In the Brazilian context, Heldt et al. (2011) verified the effectiveness of this intervention in the remission of panic symptoms; Savoia & Bernik (2010) in social skills training in phobic patients; Habizang et al., (2009) in anxiety reduction in sexually abused victims, among others. The growing recognition of the benefits of CBGT supports Benevides, Pinto, & Cavalcante (2010) thesis: group practices are excellent instruments that should be widely used adequately in the health area.

In fact, the trend to evaluate intervention results based on specific characteristics measures encouraged the development of models that assess interventions effectiveness. In this sense, Jacobson & Truax (1991) proposed a method based on the comparative analysis between pre- and post-intervention scores to determine if the differences between them show reliable changes and if they are clinically significant. From this model, there is the possibility to choose one of three criteria to evaluate the changes: (A) the level of functioning after the therapy should remove the individual from the dysfunctional population, verifying if after the treatment the obtained scores at least two standard deviations above the pre-therapy mean; (B) the level of post-therapy functioning should place the individual within two standard deviations of the mean functional population; (C) after therapy, the individual's final score should take him to the mean nearest functional group to dysfunctional population patterns (Jacobson & Truax, 1991).

In Brazil, Del Prette & Del Prette (2008) instigate the use of the JT Method to verify the effectiveness of different forms of intervention. Thus, some data provided by Ferreira, Oliveira, & Vandenberghe (2014) show the effectiveness of a social skills development group in college students. Meanwhile, Sás et al. (2012) investigated the effectiveness of a phonological remediation program in individuals diagnosed with Down Syndrome; and Yoshida et al. (2009) examined changes in conflicting relationships patterns and in psychopathological symptoms of patients undergoing brief psychodynamic psychotherapy.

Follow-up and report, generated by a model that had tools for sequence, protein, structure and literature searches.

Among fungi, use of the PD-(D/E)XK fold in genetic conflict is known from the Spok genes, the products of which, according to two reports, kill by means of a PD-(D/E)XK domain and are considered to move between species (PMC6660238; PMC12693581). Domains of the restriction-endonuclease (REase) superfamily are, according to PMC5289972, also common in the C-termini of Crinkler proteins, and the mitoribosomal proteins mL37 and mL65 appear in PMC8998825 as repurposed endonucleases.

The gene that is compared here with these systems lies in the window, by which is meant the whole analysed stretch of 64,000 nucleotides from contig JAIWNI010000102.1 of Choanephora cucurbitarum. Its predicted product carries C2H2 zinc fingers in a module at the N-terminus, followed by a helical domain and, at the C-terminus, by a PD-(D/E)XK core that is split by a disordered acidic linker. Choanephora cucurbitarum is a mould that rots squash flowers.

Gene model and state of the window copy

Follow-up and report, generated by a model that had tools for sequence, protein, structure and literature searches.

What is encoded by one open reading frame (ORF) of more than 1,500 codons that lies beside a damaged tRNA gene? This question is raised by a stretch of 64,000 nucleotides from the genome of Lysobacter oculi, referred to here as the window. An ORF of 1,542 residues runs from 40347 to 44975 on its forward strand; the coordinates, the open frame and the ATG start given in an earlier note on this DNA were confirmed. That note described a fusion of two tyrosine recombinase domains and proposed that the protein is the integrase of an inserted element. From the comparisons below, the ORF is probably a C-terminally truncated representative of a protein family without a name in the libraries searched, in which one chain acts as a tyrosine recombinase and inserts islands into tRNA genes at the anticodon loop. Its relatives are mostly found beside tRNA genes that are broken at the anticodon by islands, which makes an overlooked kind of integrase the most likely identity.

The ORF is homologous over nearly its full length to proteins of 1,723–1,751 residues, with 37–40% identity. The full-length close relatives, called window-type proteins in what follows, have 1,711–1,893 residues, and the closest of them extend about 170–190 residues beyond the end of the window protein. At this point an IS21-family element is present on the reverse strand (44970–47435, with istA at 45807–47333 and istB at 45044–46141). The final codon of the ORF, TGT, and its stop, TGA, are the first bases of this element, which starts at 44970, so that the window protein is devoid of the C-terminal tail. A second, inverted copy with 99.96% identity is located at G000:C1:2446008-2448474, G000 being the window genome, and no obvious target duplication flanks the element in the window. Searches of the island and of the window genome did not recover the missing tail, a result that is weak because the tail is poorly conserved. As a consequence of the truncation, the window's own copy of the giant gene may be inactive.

There is a definite need for studies that evaluate the results of psychological interventions. When considering the trend presented earlier, cognitive-behavioral treatments receive special attention. Thus, the objective of this article is to assess, through the JT Method, the results obtained by a therapeutic group guided by cognitive-behavioral psychology, in care for people with anxiety disorder in the primary health care network.




Eleven women seeking care at the Primary Health Care Unit (PHCU) reporting anxiety complaints aged 20 to 49 years (M = 34; SD = 7) participated in the study. At the time of data collection, 25% were single, 8.33% married, and 66.67% divorced. As for schooling, 75% had attended elementary school, 16.66% high school, and 8.33% higher education. As far as professions, the majority (58.33%) were housewives, while the remainder was distributed evenly among students, manicures, general service aids, lunch ladies, and saleswomen (8.33%).


Beck's Anxiety Inventory (BAI): It is a self-reported inventory, consisting of 21 items, which are "descriptive statements of anxiety symptoms." The scale uses a 4-point Likert scale to evaluate questions, which, according to the Manual, reflect levels of increasing severity of each symptom: (0 = absolutely not, 1 = slightly, 2 = moderately, 3 = severely). The total score results from the sum of the individual scores and ranges from 0 to 63. The outcomes evaluation goes according to the following cutoff points: 0-10 points for the minimum level of anxiety; 11-19 points for the mild level; 20-30 points for the moderate level; and 31-63 points for the severe level (Cunha, 2001).

Hamilton Anxiety Scale (HAM): It is an instrument for external evaluation that at measuring anxiety mental and somatic components. It consists of 14 items that comprise 14 groups of symptoms, subdivided into two groups, seven related to anxious mood symptoms and seven to physical symptoms of anxiety. The item evaluation goes according to an intensity scale ranging from 0 to 4 (0 = absent, 2 = mild, 3 = average, 4 = maximum). It is noteworthy that the sum of the scores obtained in each item results in a total score ranging from 0 to 56 (Hamilton, 1959).